A competing text by South Africa, which never mentioned Russia by name, received 50 votes for, 67 against and 36 abstentions, and was therefore not adopted.
The approved resolution names Moscow and "demands an immediate cessation of the hostilities by the Russian Federation against Ukraine, in particular of any attacks against civilians and civilian objects."
The same five countries voted against the resolution Thursday and 2 March: Russia, Syria, North Korea, Belarus and Eritrea.
The US ambassador to the United Nations, Linda Thomas-Greenfield, welcomed the "strong majority" supporting the resolution.
The countries made clear that "Russia bears sole responsibility for the grave humanitarian crisis and violence in Ukraine," she said.
"As president Biden has stated clearly, (Russia's president) Vladimir Putin will not see victory in Ukraine. And we heard today that he will not see it here in New York either."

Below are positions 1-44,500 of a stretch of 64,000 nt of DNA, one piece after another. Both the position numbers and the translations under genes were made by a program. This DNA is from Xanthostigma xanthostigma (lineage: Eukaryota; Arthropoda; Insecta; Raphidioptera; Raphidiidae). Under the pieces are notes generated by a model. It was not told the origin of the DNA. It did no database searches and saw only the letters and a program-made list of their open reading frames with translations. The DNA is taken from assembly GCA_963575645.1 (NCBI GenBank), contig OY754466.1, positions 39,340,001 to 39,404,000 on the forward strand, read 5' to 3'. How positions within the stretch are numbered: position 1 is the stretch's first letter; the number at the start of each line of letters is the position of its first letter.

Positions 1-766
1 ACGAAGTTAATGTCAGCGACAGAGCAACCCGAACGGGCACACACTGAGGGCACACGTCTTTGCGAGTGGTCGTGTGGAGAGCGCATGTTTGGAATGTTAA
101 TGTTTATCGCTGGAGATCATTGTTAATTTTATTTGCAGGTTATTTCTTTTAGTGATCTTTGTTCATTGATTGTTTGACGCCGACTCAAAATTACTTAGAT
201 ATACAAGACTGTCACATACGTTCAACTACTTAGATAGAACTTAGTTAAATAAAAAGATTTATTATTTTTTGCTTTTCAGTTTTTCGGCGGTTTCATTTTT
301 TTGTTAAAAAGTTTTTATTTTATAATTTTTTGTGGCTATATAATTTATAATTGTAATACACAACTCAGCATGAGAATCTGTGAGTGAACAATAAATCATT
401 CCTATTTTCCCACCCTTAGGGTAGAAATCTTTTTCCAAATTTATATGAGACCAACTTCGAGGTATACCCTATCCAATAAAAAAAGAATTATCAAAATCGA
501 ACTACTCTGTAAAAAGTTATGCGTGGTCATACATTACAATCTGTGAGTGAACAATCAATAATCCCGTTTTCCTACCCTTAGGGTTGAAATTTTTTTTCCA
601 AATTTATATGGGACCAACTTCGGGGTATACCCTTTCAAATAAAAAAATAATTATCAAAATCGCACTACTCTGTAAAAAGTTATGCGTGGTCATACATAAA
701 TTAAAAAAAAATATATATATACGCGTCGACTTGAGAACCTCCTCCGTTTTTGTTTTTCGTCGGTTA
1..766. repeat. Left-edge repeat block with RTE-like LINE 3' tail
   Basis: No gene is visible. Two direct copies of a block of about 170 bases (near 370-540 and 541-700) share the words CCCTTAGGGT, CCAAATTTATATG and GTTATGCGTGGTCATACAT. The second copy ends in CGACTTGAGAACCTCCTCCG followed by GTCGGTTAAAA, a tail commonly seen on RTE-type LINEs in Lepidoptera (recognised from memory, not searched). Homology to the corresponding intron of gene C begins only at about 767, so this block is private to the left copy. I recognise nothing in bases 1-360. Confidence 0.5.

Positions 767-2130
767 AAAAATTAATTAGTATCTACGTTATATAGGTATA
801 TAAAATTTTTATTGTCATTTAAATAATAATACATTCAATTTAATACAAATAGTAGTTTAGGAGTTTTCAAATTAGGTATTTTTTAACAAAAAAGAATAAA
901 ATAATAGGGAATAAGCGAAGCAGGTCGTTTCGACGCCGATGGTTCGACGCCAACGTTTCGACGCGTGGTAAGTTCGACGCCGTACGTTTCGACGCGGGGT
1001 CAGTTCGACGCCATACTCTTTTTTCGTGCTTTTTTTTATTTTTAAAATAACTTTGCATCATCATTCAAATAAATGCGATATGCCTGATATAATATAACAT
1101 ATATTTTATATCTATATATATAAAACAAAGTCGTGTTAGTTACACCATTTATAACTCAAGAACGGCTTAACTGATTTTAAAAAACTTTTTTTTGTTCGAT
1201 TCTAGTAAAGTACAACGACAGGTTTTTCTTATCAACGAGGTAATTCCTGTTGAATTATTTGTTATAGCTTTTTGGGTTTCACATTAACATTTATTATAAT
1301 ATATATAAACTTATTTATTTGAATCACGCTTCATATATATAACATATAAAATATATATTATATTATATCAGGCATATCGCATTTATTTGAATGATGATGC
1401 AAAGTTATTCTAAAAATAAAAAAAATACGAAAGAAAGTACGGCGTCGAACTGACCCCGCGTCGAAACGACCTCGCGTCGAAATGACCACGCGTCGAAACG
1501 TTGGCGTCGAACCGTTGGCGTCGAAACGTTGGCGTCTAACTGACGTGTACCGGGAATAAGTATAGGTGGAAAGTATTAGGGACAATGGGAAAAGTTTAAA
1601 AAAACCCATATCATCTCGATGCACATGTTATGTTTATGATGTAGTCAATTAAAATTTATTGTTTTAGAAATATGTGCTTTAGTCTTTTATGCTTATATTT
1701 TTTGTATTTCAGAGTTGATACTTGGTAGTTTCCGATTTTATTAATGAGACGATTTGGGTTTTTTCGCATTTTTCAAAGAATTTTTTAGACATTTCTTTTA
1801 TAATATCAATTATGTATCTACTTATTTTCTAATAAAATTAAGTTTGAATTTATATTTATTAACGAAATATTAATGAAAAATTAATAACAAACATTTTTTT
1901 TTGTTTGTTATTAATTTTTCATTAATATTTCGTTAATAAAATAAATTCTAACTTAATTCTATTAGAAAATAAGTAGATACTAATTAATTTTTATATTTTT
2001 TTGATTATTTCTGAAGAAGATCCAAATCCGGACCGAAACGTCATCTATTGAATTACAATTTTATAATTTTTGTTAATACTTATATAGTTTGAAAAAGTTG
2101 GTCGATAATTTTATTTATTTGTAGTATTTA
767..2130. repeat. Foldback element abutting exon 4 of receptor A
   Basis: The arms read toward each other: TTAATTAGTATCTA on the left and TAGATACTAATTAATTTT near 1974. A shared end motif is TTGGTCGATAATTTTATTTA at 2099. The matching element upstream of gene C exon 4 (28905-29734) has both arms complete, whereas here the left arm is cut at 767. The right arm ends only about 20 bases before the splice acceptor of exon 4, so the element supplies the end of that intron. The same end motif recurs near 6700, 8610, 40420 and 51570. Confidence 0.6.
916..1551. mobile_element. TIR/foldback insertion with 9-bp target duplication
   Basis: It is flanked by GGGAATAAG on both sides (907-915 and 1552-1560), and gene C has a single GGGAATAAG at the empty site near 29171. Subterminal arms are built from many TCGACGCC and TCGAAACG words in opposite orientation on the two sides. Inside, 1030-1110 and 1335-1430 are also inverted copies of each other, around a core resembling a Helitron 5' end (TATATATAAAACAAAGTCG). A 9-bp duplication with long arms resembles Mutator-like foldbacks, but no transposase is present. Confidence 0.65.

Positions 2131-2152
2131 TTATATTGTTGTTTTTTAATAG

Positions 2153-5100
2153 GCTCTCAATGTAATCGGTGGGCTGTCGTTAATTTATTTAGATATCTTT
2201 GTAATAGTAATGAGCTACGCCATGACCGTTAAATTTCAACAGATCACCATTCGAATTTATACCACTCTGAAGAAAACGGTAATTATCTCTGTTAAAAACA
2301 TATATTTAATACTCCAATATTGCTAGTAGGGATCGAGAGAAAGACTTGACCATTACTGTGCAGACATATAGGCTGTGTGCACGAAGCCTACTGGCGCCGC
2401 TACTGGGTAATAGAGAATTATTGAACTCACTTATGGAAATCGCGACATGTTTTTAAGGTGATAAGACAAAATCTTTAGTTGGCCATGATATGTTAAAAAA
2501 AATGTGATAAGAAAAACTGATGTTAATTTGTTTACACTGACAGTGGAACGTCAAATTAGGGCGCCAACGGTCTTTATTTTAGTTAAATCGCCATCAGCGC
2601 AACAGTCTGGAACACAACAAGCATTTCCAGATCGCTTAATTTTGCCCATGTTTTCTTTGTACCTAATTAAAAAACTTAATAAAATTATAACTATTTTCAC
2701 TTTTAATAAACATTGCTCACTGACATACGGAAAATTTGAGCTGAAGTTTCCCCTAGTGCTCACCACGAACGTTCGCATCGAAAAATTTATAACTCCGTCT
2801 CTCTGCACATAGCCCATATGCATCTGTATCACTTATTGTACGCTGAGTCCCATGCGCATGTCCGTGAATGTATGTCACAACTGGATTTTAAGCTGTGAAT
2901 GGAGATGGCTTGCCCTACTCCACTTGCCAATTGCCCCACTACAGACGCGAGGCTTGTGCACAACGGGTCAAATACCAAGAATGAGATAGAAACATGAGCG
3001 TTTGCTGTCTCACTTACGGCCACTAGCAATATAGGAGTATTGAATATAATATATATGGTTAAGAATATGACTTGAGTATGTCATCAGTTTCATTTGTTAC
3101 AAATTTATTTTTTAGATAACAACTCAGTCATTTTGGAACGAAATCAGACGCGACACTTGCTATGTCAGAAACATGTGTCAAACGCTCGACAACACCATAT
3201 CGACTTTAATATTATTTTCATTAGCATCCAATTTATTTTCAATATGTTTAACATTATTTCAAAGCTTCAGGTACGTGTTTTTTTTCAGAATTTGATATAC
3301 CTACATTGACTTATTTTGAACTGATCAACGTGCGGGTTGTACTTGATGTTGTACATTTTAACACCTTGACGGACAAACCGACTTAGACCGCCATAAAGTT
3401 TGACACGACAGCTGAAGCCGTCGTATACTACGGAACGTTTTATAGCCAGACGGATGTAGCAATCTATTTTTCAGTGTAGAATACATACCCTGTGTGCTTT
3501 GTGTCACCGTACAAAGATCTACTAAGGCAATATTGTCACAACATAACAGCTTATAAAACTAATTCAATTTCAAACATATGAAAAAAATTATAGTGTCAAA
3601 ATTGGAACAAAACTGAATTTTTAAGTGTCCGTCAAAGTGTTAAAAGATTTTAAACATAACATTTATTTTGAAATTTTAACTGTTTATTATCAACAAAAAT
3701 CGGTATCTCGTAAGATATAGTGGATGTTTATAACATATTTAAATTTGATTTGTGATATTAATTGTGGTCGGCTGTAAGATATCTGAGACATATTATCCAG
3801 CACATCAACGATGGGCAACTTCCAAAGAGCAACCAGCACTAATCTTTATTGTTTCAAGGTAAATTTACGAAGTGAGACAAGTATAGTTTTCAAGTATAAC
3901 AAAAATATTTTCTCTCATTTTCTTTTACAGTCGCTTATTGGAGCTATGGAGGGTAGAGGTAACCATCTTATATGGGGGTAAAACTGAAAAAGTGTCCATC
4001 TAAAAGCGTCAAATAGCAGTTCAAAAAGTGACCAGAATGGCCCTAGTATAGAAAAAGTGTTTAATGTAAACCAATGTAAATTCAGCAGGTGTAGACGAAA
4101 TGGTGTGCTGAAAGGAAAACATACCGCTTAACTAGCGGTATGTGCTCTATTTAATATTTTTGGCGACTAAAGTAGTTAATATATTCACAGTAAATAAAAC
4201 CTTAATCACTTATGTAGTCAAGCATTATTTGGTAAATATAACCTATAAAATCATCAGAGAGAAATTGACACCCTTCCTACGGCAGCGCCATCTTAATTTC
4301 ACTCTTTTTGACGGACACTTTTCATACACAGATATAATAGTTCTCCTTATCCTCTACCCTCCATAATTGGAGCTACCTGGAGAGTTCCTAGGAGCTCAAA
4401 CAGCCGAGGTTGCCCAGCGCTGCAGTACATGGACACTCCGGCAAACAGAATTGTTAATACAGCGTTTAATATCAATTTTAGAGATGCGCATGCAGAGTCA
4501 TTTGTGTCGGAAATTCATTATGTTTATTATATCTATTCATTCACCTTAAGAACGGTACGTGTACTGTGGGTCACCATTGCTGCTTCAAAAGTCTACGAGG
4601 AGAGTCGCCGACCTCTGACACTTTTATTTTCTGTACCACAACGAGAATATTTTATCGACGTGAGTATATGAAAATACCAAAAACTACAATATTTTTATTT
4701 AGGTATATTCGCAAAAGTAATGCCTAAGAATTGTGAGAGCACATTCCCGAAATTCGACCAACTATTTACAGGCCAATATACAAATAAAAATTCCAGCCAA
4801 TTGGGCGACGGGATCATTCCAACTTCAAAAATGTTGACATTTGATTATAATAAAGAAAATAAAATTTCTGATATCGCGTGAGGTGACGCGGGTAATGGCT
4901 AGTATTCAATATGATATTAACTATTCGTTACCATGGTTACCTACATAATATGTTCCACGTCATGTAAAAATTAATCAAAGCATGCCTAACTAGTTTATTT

France's UN envoy Nicolas de Riviere, speaking on behalf of the European Union, praised the resolution as a "very strong signal" sent by the General Assembly which "recalls the urgency of putting an end to the humanitarian catastrophe" and which asks Russia to halt its aggression without delay.
President Joe Biden and his Western counterparts gathered Thursday in Brussels for NATO, G7 and EU summits, with Ukraine president Volodymyr Zelensky also participating by videolink.
On Wednesday Russia submitted a resolution to the UN Security Council on the "humanitarian situation" in Ukraine, but it was not adopted.
Moscow ally China, which has yet to condemn the invasion, joined Russia in voting in favor. But the Security Council's 13 other member states pointedly abstained in solidarity over what diplomats said was the text's unacceptable basis.
Earlier this week UN secretary general Antonio Guterres delivered a cutting assessment of the invasion, calling the war "unwinnable" for Russia.